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Lessons From the Bathroom

Market research matters! See: new home hair-color company Madison Reed. During development, CEO Amy Errett watched 50 women try her competitors' products.

[Hair Coloring: Valua Vitaly via Shutterstock]

Most at-home kits come with a dye applicator and one pair of gloves. Says Errett, "Within 10 minutes, the women stopped using the applicator and started running the product through their hair with their hands"—wearing the gloves, which they then no longer had for the rinse.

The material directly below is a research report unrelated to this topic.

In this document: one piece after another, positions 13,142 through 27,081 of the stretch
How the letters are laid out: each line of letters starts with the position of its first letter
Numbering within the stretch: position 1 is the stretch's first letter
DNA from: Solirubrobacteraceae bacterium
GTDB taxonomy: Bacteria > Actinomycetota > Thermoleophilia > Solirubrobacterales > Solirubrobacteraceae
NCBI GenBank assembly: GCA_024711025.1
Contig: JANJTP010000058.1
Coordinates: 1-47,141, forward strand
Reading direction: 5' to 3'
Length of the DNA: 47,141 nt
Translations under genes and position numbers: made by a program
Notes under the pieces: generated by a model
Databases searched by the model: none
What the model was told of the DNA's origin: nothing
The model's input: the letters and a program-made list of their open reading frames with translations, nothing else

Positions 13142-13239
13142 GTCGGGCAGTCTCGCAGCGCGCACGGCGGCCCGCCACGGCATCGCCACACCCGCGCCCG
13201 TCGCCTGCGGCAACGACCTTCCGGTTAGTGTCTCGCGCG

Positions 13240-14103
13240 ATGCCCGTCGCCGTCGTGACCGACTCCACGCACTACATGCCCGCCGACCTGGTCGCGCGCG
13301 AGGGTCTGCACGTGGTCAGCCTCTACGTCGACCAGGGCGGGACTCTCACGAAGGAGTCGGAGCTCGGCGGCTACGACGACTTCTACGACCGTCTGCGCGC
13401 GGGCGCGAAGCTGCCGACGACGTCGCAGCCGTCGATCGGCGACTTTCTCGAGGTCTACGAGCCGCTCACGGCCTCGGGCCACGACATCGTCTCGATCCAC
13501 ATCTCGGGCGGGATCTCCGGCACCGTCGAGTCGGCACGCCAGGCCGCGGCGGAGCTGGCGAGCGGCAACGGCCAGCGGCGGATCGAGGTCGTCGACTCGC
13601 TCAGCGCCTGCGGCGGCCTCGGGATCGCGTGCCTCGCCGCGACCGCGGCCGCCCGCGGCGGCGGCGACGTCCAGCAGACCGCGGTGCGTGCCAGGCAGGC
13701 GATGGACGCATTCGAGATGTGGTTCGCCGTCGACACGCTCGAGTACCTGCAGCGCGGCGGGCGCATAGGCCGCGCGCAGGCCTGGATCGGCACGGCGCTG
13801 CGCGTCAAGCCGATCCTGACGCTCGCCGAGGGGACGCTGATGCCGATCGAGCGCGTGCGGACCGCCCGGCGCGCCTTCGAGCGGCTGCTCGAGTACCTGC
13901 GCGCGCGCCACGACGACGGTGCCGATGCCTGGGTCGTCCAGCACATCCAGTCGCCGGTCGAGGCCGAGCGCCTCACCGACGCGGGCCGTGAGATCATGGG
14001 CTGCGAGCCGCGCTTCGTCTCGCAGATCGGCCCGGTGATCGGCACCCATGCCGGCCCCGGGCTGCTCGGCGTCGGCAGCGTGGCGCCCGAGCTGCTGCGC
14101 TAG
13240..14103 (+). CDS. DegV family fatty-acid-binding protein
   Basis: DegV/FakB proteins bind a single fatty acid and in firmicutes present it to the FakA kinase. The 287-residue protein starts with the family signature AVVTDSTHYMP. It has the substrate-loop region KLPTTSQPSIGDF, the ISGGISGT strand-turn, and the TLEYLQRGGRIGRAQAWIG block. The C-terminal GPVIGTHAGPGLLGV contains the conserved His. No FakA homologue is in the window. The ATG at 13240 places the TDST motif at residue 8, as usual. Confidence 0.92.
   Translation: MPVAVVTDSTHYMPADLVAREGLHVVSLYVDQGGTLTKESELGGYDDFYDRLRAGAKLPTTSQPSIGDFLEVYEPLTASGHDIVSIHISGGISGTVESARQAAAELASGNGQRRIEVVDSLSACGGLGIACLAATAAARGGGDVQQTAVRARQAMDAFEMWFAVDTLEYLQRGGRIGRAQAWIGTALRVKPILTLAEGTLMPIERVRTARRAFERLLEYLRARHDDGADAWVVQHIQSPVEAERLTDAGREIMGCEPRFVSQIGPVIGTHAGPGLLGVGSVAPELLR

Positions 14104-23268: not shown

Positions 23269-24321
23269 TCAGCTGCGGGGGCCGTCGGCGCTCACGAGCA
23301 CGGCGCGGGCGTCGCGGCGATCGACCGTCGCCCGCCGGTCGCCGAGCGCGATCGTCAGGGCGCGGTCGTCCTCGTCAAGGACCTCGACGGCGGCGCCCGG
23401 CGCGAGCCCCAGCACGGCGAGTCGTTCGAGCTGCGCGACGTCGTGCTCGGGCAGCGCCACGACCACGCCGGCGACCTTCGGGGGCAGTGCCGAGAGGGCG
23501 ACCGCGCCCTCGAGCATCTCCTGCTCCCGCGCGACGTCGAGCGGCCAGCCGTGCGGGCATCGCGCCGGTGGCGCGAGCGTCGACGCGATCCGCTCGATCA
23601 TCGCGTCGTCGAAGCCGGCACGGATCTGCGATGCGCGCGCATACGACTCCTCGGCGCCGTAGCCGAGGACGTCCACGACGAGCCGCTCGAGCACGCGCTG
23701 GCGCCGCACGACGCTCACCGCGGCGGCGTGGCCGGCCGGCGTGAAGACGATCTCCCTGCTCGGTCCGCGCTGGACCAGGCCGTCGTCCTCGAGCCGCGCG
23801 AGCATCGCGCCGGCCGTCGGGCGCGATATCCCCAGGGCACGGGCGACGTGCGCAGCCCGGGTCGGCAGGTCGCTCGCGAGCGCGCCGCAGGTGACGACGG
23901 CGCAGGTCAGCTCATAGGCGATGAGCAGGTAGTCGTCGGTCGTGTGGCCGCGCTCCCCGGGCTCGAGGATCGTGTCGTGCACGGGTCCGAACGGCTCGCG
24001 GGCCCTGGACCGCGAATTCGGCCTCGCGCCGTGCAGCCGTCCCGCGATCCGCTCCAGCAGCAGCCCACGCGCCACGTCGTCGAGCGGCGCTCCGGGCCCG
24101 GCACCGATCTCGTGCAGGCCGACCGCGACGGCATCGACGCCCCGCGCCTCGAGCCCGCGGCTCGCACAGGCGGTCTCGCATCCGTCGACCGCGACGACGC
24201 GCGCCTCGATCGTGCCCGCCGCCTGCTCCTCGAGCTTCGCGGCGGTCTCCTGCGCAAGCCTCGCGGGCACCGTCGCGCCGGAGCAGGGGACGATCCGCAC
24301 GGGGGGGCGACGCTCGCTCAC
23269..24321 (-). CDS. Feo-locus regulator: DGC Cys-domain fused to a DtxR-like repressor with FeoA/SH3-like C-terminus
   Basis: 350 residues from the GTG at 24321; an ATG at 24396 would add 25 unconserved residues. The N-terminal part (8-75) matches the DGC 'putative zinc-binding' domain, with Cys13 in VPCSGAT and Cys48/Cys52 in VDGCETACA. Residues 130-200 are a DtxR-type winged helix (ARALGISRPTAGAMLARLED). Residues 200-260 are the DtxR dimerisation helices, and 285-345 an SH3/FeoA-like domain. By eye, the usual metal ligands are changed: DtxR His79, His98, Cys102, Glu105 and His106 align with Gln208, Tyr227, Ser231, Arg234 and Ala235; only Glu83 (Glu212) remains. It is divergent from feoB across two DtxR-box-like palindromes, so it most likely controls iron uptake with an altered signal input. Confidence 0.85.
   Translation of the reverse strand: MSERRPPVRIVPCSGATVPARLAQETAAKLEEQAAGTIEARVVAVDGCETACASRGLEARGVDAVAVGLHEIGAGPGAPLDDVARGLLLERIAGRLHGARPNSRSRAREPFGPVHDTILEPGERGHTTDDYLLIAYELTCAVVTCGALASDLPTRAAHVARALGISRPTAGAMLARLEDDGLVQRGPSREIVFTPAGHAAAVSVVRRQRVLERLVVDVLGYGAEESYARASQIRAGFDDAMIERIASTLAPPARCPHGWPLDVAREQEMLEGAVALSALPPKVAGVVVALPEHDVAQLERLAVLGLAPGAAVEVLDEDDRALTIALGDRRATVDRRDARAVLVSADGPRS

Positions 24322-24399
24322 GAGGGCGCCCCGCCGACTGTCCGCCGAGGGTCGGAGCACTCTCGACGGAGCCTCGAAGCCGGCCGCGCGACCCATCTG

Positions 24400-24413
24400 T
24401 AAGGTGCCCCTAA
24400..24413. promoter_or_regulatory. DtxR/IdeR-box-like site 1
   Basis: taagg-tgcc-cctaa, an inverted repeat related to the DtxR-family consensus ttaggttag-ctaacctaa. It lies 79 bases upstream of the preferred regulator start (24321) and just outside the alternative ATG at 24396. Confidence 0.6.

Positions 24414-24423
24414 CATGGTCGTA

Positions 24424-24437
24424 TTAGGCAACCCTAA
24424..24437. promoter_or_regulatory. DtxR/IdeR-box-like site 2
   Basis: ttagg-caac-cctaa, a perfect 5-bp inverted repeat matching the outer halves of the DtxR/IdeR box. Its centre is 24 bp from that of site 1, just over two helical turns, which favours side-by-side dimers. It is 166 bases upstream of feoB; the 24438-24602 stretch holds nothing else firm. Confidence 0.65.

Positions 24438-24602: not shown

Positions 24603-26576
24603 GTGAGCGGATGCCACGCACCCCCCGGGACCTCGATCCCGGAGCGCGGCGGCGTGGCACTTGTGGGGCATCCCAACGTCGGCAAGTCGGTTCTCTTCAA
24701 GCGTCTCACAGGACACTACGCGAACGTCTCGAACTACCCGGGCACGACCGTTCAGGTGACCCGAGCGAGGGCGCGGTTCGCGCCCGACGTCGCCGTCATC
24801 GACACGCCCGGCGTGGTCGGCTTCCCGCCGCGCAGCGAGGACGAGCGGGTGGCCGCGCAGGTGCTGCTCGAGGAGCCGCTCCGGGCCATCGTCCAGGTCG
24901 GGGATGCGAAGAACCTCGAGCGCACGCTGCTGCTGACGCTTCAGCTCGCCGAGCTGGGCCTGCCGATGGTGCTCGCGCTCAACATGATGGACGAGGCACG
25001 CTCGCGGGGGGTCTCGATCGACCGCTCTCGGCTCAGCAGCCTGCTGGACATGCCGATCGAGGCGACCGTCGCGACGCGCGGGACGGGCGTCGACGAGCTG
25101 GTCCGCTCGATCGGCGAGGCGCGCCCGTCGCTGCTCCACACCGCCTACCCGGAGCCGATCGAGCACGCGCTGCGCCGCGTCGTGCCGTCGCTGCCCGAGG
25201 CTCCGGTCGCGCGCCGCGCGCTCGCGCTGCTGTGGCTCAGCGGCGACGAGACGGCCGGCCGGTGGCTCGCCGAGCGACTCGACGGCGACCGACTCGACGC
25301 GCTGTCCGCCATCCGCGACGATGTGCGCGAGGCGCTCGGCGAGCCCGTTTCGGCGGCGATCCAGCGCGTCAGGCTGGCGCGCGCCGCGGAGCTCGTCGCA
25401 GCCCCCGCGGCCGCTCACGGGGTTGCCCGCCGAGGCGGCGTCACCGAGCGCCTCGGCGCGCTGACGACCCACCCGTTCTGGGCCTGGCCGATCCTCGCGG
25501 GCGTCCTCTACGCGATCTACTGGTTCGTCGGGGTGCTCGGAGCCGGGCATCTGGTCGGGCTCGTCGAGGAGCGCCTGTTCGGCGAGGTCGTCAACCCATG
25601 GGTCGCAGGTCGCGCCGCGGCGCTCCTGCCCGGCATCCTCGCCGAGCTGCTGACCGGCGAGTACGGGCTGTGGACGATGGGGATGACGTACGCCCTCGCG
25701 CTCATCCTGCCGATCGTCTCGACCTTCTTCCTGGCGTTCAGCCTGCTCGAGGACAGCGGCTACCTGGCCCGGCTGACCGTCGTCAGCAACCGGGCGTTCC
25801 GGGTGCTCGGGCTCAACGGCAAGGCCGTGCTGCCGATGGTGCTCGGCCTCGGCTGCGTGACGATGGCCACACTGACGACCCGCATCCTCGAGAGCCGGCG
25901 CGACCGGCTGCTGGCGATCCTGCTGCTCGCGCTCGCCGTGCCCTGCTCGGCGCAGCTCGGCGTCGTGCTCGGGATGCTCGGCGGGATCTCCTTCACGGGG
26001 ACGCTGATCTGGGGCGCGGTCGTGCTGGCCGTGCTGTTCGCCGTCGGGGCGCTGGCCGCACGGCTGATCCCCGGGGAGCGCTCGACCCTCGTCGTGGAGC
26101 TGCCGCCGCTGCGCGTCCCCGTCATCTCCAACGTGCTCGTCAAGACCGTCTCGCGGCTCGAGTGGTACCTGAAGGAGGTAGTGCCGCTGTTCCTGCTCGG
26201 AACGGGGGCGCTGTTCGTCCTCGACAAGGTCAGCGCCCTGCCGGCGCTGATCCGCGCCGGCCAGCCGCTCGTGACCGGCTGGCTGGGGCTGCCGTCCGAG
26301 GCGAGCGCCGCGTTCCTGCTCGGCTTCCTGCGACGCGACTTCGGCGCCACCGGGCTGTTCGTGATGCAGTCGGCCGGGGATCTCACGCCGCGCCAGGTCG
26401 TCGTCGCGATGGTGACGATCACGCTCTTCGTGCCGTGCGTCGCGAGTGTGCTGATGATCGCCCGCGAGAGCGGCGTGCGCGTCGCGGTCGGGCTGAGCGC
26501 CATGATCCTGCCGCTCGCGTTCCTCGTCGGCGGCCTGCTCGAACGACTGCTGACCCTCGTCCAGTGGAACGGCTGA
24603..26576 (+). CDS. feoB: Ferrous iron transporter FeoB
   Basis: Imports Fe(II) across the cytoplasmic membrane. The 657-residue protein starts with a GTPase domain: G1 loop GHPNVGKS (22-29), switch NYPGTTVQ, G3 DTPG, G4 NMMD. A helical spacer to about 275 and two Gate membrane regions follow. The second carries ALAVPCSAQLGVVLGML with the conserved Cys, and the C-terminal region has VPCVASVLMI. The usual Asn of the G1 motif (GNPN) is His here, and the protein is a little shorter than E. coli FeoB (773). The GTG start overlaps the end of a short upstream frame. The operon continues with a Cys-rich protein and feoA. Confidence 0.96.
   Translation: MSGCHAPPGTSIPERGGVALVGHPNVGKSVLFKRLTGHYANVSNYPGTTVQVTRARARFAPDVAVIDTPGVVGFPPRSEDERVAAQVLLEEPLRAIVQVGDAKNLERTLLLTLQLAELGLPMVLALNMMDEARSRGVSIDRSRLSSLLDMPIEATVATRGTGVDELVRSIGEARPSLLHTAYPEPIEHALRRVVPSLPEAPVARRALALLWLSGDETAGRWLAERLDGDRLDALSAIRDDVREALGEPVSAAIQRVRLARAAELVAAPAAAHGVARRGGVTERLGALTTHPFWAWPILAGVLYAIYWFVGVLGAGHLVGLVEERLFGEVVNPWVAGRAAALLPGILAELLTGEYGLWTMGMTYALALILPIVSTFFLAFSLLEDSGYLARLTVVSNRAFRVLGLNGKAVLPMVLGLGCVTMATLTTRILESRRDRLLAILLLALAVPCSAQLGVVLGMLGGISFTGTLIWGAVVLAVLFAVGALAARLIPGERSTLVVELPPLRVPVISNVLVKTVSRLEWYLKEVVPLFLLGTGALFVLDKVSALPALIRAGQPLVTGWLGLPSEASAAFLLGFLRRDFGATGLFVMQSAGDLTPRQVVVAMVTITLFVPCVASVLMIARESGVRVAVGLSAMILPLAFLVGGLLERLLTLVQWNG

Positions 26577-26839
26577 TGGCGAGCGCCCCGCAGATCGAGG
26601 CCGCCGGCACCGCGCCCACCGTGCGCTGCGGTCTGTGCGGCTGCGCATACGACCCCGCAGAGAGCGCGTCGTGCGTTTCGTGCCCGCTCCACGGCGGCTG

Give them two pairs of gloves, and make them stylish for good measure.


Coloring instructions are dense and confusing. "Every single woman looked at the instructions for 30 seconds and then threw them away—even the women who had never [dyed their hair at home] before."


Present things clearly. "We put the instructions on the box and kept them very simple: five easy steps, illustrations, large print."


Hair dye stains everything, from skin to hardwood floors. "Most of these women are sitting in their bathroom for 35 minutes because they're petrified it's going to spatter all over the place."


Thicker dye, plus a "blocking cream" for the hairline, cleaning wipes, and a shower cap to keep color where it belongs.

A version of this article appeared in the March 2014 issue of Fast Company magazine.